Monday, November 21, 2005

History: The Action + Mighty Baby

Ok, kiddies, time for a brief detour, as we walk through a brief history of one of the great overlooked bands of the 60s. If there's anything better than discovering a new band for the first time, it's stumbling across an old band you completely missed (if only because there's already a back-catalog of music to dive into rather than having to wait for the next new release). One of my favorite discoveries of the past year or so has to be The Action, and if you're unfamiliar with them, you're not alone. But here's hoping you promptly remedy the situation.
Action Packed
No need to give you the complete history of the Action; you can always check a site like for something like that. Briefly, though, they started out in the early 60s as something of a British Invasion also-ran. Beatles producer George Martin signed them; they even supposedly got kicked off a tour opening for the Who because they were "too good" (though you always have to wonder if such tales are merely apocryphal). In any event, while most of their peers looked to American blues and R&B for inspiration, the Action looked to Motown. Indeed, listen to their early tracks -- compiled on the great-sounding and all-inclusive Action Packed -- and it's hard to believe it's a bunch of white British kids. It's a great collection, although (a few decent originals notwithstanding) it's not exactly a cutting-edge piece of work. Still, for fans of Motown and early British Invasion pop, there's no good reason not to own (and love) this one.
Rolled Gold
However inexplicable, the band didn't really catch on, and they got dropped from their label. Which is really too bad, as that was when they started getting really good. They moved beyond their roots, recording a slew of tracks in 1967 that had a harder-edged, more psychedelic groove to them, placing them firmly in the Freakbeat camp alongside the Creation and mid-period Who. These tracks languished in obscurity for decades, finally seeing light of day in the Rolled Gold compilation in 2002. As these are largely demo recordings, the sound quality isn't exactly high fidelity, but we're talking some amazing music. Paul Weller is supposedly a big fan of these guys, and Rolled Gold goes a long way towards explaining why. The blueprints for the Jam are all over this thing. Lots of killer proto-punk riffs with a Mod sensibility. Tunes like "Brain," "Strange Roads," "Come Around," and a half dozen others are near-perfect mid-60's nuggets that are just shy of being absolutely essential for any fan of 60s Britpop.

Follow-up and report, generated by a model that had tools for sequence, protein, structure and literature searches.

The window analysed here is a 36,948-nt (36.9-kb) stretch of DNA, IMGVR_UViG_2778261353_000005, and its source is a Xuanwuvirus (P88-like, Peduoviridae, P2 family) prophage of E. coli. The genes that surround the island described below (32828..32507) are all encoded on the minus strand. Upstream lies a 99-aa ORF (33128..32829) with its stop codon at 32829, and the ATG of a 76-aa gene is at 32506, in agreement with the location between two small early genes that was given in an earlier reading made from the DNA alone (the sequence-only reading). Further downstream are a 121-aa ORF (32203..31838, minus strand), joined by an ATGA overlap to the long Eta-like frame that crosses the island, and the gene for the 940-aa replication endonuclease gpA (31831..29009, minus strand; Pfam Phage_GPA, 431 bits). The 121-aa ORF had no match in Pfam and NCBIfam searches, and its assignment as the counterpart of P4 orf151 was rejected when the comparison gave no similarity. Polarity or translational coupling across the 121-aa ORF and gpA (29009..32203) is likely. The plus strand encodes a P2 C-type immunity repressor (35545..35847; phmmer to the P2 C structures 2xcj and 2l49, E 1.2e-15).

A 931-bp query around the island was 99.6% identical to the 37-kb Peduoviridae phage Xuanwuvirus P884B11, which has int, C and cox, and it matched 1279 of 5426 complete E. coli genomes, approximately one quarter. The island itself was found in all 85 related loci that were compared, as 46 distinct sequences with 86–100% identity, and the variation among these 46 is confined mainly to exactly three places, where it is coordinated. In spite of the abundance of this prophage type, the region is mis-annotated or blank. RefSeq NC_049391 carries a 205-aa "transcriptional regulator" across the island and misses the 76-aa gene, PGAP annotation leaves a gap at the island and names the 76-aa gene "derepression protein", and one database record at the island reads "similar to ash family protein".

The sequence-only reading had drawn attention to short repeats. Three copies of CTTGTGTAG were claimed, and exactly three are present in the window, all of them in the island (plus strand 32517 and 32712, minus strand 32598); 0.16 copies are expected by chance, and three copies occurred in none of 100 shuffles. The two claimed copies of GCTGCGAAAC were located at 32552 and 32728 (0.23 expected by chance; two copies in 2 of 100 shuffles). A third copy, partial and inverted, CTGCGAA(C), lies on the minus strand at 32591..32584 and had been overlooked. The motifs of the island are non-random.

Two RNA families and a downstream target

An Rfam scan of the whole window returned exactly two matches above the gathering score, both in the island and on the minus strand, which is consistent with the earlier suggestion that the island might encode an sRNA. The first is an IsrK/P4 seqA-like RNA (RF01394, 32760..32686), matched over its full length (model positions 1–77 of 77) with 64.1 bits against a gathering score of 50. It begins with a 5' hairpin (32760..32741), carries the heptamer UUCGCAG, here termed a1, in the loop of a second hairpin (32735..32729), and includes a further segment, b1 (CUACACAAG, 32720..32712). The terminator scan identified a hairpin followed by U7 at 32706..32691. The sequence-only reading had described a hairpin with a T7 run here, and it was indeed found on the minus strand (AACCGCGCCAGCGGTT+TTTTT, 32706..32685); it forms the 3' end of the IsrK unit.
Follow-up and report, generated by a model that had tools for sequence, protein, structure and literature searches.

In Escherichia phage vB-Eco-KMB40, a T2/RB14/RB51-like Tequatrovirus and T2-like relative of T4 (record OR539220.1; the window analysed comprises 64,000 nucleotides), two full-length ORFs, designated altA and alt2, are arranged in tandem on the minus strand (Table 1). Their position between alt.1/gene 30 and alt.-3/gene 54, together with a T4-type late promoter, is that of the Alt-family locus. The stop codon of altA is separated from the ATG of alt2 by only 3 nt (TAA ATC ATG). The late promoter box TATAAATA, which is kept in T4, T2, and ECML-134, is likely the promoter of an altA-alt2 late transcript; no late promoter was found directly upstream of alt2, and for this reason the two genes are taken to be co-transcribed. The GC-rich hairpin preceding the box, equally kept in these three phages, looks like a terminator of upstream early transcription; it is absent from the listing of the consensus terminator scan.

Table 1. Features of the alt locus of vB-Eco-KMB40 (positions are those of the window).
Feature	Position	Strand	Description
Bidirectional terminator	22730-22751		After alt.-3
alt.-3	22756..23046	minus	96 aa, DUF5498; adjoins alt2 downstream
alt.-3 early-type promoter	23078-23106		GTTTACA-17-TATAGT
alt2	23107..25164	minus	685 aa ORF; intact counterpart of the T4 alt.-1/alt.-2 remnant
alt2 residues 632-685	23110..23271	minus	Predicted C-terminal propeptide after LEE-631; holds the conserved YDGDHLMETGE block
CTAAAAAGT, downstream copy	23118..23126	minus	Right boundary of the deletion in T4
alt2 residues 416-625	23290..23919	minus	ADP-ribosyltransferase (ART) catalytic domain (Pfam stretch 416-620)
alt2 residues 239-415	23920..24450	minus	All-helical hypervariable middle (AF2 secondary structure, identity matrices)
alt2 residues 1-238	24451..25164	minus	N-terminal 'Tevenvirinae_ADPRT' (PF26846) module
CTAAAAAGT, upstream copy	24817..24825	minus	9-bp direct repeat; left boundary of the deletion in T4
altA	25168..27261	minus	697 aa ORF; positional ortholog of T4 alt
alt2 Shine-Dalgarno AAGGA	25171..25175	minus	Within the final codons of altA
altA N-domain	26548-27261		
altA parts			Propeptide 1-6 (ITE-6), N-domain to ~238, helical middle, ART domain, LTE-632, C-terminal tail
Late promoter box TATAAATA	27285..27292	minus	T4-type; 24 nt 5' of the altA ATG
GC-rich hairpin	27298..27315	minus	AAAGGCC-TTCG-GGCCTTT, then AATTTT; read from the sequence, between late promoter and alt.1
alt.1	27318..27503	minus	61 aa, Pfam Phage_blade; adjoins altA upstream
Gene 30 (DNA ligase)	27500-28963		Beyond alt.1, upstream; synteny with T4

Mighty Baby
Not surprisingly, recording some of the best songs of the era and never even seeing them released is not exactly conducive to morale, and the Action underwent various personnel changes. Nonetheless, the remnants of the band regrouped, trading one of the coolest band names of the 60s for one of the absolute lamest: Mighty Baby. Yet Mighty Baby, crappy name and all, managed to squeeze out a self-titled album in 1969 that is, if anything, even better than Rolled Gold. The band takes another step towards psychedelia, but like many 60s bands rooted in R&B, their brand of psychedlia was much harder rocking than a lot of the more twee flower-power meanderings of the time. New vocalist Ian Whiteman (who'd handled keyboards for the Action) was no less soul-drenched than original Action vocalist Reggie King, but the music was far more intense, with heavy duty Yardbirds-influenced guitar riffing, savage drums, and funky sax lines. At times, Mighty Baby sounds like the great lost Traffic album; at other times, they're nearly indistinguishable from Cream. Put the two together, and you essentially have what Blind Faith could (and should) have sounded like if Clapton & Winwood had a little less talent and a lot more passion. (Other songs find Whiteman sounding much more like Stephen Stills -- before Stills sucked, of course -- giving the album a Buffalo Springfield vibe as well.) Yes, it verges on the pre-prog that was just getting kicked off at the time, so it's a bit more badly dated than the Action's work. But it's still a killer album. The 1994 cd release includes a few additional unreleased Action tracks, which help explain a bit how the band transitioned from mod-pop to all-out psych-rock.

Three remarkably different cd's, any one of which will have you kicking yourself wondering why nobody's ever heard of these guys.


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